• Shri Senthil Jagadeesan, representing the first respondent, argues that two letters indicate no approval was granted by the State Government for an award under the original acquisition proceedings.
  • The letters dated 21.07.2012 and 06.01.2014, relied upon by the Division Bench of the High Court, are said to establish the lack of approval for the award.
  • The counsel requests the dismissal of the appeals based on this argument.

Also Read: Land Sale Agreement Appeal: Legal Consideration of Additional Evidence


  • The approval of the award on 05.03.2010 was crucial for the subsequent actions taken in the land acquisition process.
  • The actions post approval included the payment of awarded sum to the first respondent and the development of the plastic project on the acquired land.
  • Reopening of acquisition proceedings or re-notification of acquired land would not have been possible if the award was not approved.
  • The form of the award and the land acquisition estimate were sent for approval to the State Government.
  • The Deputy Commissioner requested the State Government’s approval through letters dated 30.01.2010 and 05.03.2010.
  • The common belief after 05.03.2010 was that the award had been approved, necessitating actions like payment, possession handover, and reassessment of compensation.
  • Possession of the land was handed over to the appellant after approval of the award on 05.03.2010.
  • The State Government’s further action was to approve the award, which was already in a statutorily prescribed form.
  • The letter dated 05.03.2010 explicitly directed the Industries & Commerce Department to release the balance estimated funds for payment to landowners.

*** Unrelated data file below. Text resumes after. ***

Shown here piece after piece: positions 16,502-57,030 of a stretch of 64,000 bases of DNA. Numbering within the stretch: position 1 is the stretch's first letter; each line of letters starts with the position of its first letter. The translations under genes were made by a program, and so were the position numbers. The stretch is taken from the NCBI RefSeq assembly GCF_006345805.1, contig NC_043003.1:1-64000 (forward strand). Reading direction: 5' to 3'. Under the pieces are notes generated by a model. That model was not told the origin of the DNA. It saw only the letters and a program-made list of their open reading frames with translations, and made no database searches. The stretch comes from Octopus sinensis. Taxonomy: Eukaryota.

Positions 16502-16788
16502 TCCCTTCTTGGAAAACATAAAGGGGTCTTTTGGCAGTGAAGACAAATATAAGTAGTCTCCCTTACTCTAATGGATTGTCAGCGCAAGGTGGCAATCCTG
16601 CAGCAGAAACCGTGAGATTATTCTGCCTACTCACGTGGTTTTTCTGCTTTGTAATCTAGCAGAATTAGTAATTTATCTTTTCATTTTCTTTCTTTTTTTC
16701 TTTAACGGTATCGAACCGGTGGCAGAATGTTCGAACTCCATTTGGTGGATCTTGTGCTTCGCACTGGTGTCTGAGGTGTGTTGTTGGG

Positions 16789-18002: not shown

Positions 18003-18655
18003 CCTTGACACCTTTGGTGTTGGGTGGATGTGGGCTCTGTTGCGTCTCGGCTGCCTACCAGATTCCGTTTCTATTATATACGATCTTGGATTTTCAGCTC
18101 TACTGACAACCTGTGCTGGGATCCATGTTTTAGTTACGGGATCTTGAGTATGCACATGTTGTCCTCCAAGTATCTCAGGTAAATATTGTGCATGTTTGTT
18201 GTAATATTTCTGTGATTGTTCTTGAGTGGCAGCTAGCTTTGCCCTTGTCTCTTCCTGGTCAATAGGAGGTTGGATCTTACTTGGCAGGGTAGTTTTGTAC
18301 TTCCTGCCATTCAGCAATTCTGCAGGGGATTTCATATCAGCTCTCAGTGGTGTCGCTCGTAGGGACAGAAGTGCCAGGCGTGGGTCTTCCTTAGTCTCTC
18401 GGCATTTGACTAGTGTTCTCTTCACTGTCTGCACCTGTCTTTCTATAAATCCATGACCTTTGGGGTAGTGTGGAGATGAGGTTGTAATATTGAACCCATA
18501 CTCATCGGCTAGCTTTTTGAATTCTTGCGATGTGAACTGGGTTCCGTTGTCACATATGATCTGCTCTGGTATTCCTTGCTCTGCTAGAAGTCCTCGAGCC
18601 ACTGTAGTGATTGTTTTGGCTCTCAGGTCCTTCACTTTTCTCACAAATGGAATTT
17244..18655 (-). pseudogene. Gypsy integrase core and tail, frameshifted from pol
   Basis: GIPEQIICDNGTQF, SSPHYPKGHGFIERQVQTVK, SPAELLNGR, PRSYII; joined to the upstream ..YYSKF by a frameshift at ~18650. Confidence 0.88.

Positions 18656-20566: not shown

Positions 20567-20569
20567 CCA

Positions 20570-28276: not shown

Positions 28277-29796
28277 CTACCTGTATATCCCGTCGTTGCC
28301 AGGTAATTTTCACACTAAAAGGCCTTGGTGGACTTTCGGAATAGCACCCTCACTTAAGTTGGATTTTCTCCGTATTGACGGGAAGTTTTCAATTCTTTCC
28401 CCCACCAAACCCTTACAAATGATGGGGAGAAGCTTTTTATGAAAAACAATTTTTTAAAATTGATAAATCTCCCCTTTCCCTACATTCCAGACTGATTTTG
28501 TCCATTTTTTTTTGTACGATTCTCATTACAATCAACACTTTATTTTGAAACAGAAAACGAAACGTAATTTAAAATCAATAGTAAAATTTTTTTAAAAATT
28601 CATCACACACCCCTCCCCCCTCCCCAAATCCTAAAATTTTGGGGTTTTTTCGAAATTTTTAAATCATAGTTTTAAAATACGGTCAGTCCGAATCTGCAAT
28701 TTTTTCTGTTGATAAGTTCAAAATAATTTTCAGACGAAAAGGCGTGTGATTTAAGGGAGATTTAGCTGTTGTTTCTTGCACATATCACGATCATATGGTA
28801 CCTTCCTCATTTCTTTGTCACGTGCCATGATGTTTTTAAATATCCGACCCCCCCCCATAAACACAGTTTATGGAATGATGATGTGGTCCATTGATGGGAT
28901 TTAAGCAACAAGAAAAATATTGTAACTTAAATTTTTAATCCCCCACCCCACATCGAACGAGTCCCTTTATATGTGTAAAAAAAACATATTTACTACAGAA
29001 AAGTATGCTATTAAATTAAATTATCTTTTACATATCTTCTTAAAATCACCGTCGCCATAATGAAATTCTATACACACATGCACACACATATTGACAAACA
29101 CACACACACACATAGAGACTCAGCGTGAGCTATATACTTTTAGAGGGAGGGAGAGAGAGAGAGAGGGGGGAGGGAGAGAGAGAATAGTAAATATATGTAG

• In land acquisition proceedings, the government cannot acquire its own interest.
  • Once possession is taken by the state, the land vests absolutely with the state and the title of the landowner ceases.
  • Initiating acquisition proceedings for already acquired land is not permissible as the government cannot acquire its own land.
  • The Land Acquisition Act does not allow for the acquisition of any interest belonging to the government in the land upon acquisition.
  • The settled position of law is to not nullify original awards based on subsequent events or documents.
  • The High Court erred in relying on letters dated 21.07.2012 and 06.01.2014 to allow fresh acquisition proceedings.
  • The appellant has been in possession of the land since 11.06.2010, which was already acquired.
  • The appeals have succeeded and are allowed based on the above reasons.

Also Read: Legal Analysis Regarding Employee Inclusion in Appellant’s Case


  • Orders impugned in the cases (2004) 7 SCC 362, AIR 1955 SC 298 : (1955) 1 SCR 1311, and (2020) 8 SCC 129 are set aside.
  • Any pending applications related to these orders shall stand disposed of.


Case Number: C.A. No.-000251-000252 / 2021